Epiphone Les Paul Ultra II - anybody else?

Deaf Eddie

Friend of Leo's
Silver Supporter
Mar 17, 2003
Beautiful Idyllwild, CA
Last month, I picked up a "broken" Epi LP Ultra II off eBay. This is the model that is basically a Les Paul Standard, BUT... Chambered body, tummy-cut, gold hardware - and a NanoMAG "Shadow" pickup mounted in the fingerboard after the 22nd fret. The NanoMAG pickup, which gives you an acoustic sound, can be output from the same jack as the humbuckers and "blended" with them, but also has its own separate jack that removes it from humbucker's jack - they call it stereo, but I'd call it dual mono - so, the guitar can be played as: one jack for the humbuckers, and one jack for the NanoMAG.

The seller's disclaimer was that the NanoMAG pickup worked, but the humbuckers didn't. Those who know me will tell you that I spend far more time tinkering than playing, and this seemed like a pretty good deal on what I hoped would be an easy challenge.

This guitar has probably the nicest finish I've ever seen, very flamey.
The NanoMAG is the "black bar" after the 22nd fret.


It turned out to be the easy fix that I anticipated it would be, and it's a killer guitar!

The reason for this post is that I did some web searching to get some more info, and about half of the "opinions" I came across were bad data, so I thought I'd post some GOOD data here.

From the Epiphone Wiki:

Epiphone Les Paul Ultra II, made 2008-2010

  • Chambered Mahogany body
  • Carved top
  • Quilted Flame Maple veneer
  • Belly scarf
  • Set mahogany neck with Slim-Taper "D" profile
  • Rosewood fingerboard with trapezoid inlays
  • Satin finish
  • 12" fingerboard radius
  • 22 medium jumbo frets
  • 24.75" scale length
  • 1.68" nut width
  • Single-ply body & neck
  • Alnico Classic & Classic Plus pickups
  • 1 Bridge & 1 Neck Volume
  • 1 Nano-Mag Volume
  • 1 Master Tone control
  • 1 Shadow Nano-Mag pickup mounted to fingerboard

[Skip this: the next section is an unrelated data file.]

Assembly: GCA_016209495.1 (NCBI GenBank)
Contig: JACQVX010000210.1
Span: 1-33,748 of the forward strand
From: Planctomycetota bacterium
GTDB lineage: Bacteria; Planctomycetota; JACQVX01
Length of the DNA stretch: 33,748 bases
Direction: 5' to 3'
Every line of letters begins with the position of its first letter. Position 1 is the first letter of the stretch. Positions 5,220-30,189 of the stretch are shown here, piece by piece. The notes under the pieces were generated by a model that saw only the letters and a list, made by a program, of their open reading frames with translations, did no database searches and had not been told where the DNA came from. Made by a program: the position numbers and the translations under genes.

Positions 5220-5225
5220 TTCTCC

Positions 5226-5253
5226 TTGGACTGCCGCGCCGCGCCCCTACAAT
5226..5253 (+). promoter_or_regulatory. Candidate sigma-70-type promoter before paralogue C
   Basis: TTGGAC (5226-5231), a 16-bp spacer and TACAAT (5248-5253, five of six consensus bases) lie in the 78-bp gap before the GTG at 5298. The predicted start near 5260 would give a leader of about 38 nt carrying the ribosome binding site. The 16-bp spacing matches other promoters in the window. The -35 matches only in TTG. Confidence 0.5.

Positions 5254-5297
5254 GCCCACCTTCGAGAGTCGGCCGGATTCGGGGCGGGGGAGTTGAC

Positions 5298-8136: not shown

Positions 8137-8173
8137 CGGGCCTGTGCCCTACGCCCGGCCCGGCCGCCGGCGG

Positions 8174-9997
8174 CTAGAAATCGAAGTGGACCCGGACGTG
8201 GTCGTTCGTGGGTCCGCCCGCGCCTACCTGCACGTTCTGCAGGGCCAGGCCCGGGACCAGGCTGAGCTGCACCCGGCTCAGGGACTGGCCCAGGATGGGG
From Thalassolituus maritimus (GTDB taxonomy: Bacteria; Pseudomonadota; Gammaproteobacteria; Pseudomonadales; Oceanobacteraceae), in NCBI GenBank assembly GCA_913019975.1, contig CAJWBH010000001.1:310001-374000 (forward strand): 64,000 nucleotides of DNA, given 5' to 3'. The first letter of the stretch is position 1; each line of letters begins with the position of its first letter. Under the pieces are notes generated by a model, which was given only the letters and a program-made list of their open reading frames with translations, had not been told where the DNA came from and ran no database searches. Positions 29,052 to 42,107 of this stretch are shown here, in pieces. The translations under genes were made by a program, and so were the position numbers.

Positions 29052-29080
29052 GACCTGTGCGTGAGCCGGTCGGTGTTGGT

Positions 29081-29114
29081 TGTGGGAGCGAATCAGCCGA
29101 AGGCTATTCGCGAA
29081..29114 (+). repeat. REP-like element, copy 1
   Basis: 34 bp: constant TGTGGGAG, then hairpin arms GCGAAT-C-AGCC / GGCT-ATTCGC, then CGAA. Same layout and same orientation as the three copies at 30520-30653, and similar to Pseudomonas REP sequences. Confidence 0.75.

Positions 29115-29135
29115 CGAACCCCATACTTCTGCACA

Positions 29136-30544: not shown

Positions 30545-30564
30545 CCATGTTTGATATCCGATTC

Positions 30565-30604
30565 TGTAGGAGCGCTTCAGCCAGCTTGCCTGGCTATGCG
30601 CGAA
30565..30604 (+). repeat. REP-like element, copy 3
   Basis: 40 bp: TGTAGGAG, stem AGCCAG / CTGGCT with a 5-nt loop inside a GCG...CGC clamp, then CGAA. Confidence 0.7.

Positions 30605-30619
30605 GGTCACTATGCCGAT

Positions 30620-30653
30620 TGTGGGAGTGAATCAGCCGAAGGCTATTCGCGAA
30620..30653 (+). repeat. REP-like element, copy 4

• Bass, Treble & Gain controls on back of guitar
  • Mono & Stereo output jacks
  • 9 volt battery
  • Gold hardware
  • LockTone Tune-o-matic bridge with stopbar tailpiece
  • Grover 16:1 tuners
  • Gold or Black speed knobs
  • Elevated pickguard
  • Midnight Ebony (ME)
  • Faded Cherry Sunburst (FC)
So, that's all good.

Some of the "bad" info I found:

It has low impedance pickups - WRONG.
They are standard Epiphone Alnico Classic (neck) and Alnico Classic Plus (bridge) pickups. Further, they will play even when the battery for the NanoMAG pickup's electronics is DEAD - the onboard amp for the NanoMAG has no effect on the humbuckers.

The volume for the NanoMAG is a "blend" pot - WRONG.
It simply controls the volume of the NanoMAG pickup, whether it is played with the humbuckers through the "mono" jack or played by itself out of the NanoMAG jack. If you're using the mono jack, to hear only the NanoMAG, you will have to turn its volume up and turn the humbuckers down.

The humbuckers "bleed" across the selector switch, making it virtually useless. WRONG.
The selector switch works just as expected.

More info: The volumes for the humbuckers are in their normal spots, the volume for the NanoMAG is where you would normally find the bridge pup's tone control. At the spot for the neck pup's tone control is a master tone, that effects the mono output only. So, it always works on the humbuckers, but only works on the NanoMAG when it is played through the mono jack. When you play the NanoMAG through its own jack, the tone control does NOT affect it.

There are three models of the Ultra, each distinctly different. The original Ultra (no model number) has the chambered and contoured body, but no "acoustic" pickup or extra output. The Ultra II is as described above. The Ultra III has all the Ultra II stuff, plus a built-in tuner and USB output!
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Fretting out

Doctor of Teleocity
Platinum Supporter
Jun 13, 2019
Land of Mary
I don’t have one but think they are neat